He sets his liquids burping, and coils blinking and buzzing, and waits for an electric storm to send through the equipment the spark vital for life.
The storm breaks over the castle and the equipment really goes crazy like a kitchen full of modern appliances as the lightning juice starts oozing right into that pretty corpse.
He goes to get the monster so he will be right there when she opens her eyes, for she might fall in love with the first thing she sees as ducklings do.
That monster is already straining at his chains and slurping, ready to go right to it: He has been well prepared for coupling by his pinching leering keeper who's been saying for weeks, "Ya gonna get a little nookie, kid," or "How do you go for some poontang, baby?" All the evil in him is focused on this one thing now as he is led into her very presence.
She awakens slowly, she bats her eyes, she gets up out of the equipment, and finally she stands in all her seamed glory, a monster princess with a hairdo like a fright wig, lightning flashing in the background like a halo and a wedding veil, like a photographer snapping pictures of great moments.
She stands and stares with her electric eyes, beginning to understand that in this life too she was just another body to be raped.
The monster is ready to go: He roars with joy at the sight of her, so they let him loose and he goes right for those knockers.
And she starts screaming to break your heart and you realize that she was just born: In spite of her big **** she was just a baby.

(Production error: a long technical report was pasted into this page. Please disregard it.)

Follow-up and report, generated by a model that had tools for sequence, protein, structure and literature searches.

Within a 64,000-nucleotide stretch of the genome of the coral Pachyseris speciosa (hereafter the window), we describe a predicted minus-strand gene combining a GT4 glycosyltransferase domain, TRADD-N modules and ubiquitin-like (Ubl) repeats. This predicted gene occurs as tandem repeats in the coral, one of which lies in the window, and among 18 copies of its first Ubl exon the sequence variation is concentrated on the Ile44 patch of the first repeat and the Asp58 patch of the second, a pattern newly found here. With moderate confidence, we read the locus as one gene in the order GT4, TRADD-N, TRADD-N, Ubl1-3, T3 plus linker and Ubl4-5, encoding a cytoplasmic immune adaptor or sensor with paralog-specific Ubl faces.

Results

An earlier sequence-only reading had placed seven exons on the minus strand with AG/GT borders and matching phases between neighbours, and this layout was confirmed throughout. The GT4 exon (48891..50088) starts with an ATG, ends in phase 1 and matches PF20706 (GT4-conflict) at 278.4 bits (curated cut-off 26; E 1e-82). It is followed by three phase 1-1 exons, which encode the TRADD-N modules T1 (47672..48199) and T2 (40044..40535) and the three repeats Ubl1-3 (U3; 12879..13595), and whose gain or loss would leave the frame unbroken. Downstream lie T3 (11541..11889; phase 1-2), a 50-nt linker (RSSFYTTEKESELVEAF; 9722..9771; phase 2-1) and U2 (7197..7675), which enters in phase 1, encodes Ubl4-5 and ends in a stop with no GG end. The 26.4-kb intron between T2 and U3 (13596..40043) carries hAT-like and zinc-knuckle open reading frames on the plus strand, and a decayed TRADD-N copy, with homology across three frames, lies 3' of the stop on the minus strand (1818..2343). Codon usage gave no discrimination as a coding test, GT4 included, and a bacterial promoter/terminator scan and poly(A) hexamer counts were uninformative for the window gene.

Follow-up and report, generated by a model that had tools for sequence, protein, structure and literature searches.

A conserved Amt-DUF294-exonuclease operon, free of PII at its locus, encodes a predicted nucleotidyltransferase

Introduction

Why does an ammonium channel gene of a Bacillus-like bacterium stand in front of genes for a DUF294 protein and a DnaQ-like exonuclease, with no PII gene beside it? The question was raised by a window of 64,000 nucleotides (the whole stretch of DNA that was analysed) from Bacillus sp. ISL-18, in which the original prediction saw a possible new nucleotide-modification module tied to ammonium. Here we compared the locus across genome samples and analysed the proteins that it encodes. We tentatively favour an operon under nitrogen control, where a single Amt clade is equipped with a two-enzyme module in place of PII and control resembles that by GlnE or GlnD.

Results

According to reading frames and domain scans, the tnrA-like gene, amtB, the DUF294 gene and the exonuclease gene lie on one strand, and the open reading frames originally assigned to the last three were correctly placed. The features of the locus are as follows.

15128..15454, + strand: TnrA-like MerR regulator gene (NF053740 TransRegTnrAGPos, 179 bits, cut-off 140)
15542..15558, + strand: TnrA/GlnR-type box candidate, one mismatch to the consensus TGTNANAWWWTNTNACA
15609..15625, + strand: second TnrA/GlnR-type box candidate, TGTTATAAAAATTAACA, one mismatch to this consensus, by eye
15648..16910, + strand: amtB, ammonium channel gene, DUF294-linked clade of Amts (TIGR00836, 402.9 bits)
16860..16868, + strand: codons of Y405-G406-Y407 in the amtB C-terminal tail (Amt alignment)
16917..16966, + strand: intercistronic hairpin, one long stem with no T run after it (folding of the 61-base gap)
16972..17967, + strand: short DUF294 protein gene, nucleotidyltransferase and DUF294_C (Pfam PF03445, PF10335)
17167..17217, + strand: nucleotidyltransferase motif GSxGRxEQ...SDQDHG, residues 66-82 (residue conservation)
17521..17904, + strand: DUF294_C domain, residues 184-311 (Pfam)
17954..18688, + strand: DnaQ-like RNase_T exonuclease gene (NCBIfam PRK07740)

But her instincts are right -- rather death than that green slobber: She jumps off the parapet.
And then the monster's sex drive goes wild.
Thwarted, it turns to violence, demonstrating sublimation crudely; and he wrecks the lab, those burping acids and buzzing coils, overturning the control panel so the equipment goes off like a bomb, and the stone castle crumbles and crashes in the storm destroying them all .
Perhaps somehow the Baron got out of that wreckage of his dreams with his evil intact, if not his good looks, and more wicked than ever went on with his thrilling career.
And perhaps even the monster lived to roam the earth, his desire still ungratified; and lovers out walking in shadowy and deserted places will see his shape loom up over them, their doom -- and children sleeping in their beds will wake up in the dark night screaming as his hideous body grabs them.
Written by Edward Field | Create an image from this poem

The Return of Frankenstein

 He didn't die in the whirlpool by the mill
where he had fallen in after a wild chase
by all the people of the town.
Somehow he clung to an overhanging rock until the villagers went away.
And when he came out, he was changed forever, that soft heart of his had hardened and he really was a monster now.
He was out to pay them back, to throw the lie of brotherly love in their white Christian teeth.
Wasn't his flesh human flesh even made from the bodies of criminals, the worst the Baron could find? But love is not necessarily implicit in human flesh: Their hatred was now his hatred, so he set out on his new career his previous one being the victim, the good man who suffers.
Now no longer the hunted but the hunter he was in charge of his destiny and knew how to be cold and clever, preserving barely a spark of memory for the old blind musician who once took him in and offered brotherhood.